[12] Today the word “carriage” suggests a four-wheel vehicle pulled by horses, and succeeded by cars, or “motor carriages” and therefore the “carriageway” is dedicated to such usage. However, up until late in the 19th century the word “carriage” meant the act of carrying, and could be applied to, say, a pack animal. The Imperial Dictionary of 1854 defined “carriage” as “the act of carrying”. The carriageway is therefore part of the highway where passage is allowed and where carrying may or may not be involved.
[13] The Cyclists’ Touring Club formed a committee to oversee the progress of the Local Government Bill through Parliament. It was feared that if County Councils were given powers to create their own bye-laws such bye-laws would be used to prohibit the riding of cycles. The CTC had political clout: it asked one of its MP members to lodge an amendment to the Bill. Sir John Donnington “won a brilliant victory for the Club,” wrote James Lightwood, the author of a 1928 history of the CTC. The Romance of the Cyclists’ Touring Club, J.T. Lightwood, CTC, 1928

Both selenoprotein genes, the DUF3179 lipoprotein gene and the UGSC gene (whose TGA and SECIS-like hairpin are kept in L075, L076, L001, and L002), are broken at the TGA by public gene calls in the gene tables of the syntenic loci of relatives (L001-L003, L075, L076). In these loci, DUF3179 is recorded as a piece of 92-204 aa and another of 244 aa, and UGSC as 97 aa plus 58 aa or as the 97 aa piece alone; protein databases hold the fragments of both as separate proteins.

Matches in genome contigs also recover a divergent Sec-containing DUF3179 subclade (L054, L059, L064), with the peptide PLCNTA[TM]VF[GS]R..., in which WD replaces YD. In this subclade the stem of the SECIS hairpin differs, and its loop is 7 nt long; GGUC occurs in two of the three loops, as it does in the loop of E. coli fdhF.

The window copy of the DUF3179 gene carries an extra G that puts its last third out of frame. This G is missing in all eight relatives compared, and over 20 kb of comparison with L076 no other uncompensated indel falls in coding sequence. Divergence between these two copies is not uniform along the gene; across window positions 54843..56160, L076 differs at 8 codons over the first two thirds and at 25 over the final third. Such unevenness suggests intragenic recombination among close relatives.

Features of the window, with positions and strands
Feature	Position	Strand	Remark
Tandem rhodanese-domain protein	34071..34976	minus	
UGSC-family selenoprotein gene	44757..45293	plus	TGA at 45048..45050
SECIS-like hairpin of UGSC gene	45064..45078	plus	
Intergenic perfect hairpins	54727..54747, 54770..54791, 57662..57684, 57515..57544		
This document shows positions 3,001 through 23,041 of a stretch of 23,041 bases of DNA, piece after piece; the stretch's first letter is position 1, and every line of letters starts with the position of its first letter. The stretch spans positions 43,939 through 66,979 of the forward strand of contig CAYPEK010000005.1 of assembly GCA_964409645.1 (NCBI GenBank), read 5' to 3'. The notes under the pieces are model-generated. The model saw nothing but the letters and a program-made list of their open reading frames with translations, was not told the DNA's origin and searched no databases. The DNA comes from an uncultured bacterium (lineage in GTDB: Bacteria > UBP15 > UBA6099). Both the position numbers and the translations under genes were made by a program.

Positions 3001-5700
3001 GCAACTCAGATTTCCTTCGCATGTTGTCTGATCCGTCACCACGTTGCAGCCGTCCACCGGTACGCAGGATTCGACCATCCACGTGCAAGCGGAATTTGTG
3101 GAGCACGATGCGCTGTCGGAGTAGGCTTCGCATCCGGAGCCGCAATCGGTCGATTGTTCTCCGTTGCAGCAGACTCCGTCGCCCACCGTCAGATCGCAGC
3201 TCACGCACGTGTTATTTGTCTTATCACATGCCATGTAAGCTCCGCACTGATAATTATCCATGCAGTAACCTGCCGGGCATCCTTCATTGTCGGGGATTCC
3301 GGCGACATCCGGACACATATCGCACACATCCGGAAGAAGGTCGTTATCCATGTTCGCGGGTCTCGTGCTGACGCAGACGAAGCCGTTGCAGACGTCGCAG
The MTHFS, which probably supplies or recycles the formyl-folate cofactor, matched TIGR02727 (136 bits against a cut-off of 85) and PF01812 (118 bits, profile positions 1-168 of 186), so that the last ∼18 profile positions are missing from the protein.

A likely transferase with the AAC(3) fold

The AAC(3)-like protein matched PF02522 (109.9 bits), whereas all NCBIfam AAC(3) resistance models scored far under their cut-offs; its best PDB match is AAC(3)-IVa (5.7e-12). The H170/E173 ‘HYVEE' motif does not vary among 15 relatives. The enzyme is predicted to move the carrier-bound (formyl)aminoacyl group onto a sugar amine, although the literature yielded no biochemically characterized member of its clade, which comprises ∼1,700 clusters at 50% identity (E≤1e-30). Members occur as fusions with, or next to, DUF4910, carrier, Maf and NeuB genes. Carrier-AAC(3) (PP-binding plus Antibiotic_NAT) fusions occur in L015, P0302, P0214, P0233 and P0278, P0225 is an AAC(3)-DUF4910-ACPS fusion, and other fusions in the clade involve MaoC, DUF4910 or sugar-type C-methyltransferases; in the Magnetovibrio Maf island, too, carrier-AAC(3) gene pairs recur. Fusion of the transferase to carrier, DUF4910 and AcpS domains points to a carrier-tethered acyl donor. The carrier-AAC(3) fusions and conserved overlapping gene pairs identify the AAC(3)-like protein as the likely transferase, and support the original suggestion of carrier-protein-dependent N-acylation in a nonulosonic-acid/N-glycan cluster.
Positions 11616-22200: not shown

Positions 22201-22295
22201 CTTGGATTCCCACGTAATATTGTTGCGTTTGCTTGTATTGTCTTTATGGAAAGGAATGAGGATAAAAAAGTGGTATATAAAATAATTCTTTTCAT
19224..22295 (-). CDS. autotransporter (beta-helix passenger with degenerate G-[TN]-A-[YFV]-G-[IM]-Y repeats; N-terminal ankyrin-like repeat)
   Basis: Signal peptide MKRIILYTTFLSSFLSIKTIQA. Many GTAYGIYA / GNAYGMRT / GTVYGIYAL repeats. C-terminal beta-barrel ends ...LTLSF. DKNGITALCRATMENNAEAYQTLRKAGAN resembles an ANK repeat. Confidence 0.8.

[14] James Lightwood, author of a 1928 history of the Cyclists’ Touring Club, said of the Act:
“As a result there disappeared … every enactment which gave to Courts of Sessions, Municipal Corporations and similar bodies in England and Wales power to resist and hamper the movements of cyclists as they might think fit. The new order of things established once and for all the status of the cycle.”⁠
The Romance of the Cyclists’ Touring Club, J.T. Lightwood, CTC, 1928
[15] While the 1888 Local Government Act formalised the right to cycle on British roads it was preceded and informed by a court case from 1879, the year after the foundation of the Cyclists’ Touring Club. The case of Taylor v. Goodwin was heard by Mr. Justice Mellor and Mr. Justice Lush, sitting in banco in the Queen’s Bench Division, and it held that bicyclists were natural users of roads and therefore liable to the pains and penalties imposed by the 1835 Highway Act which defined acts of “furious driving”.

The case had been brought against a Mr Taylor who had been charged for “riding furiously” down Muswell Hill in London, knocking down a pedestrian in the process. His defence argued that as a bicycle wasn’t defined as a carriage in the 1835 Act there was no case to answer. The plea was disregarded and Taylor was fined. The case was appealed and justices Mellor and Lush ruled that bicycles were henceforth to be considered carriages under the law.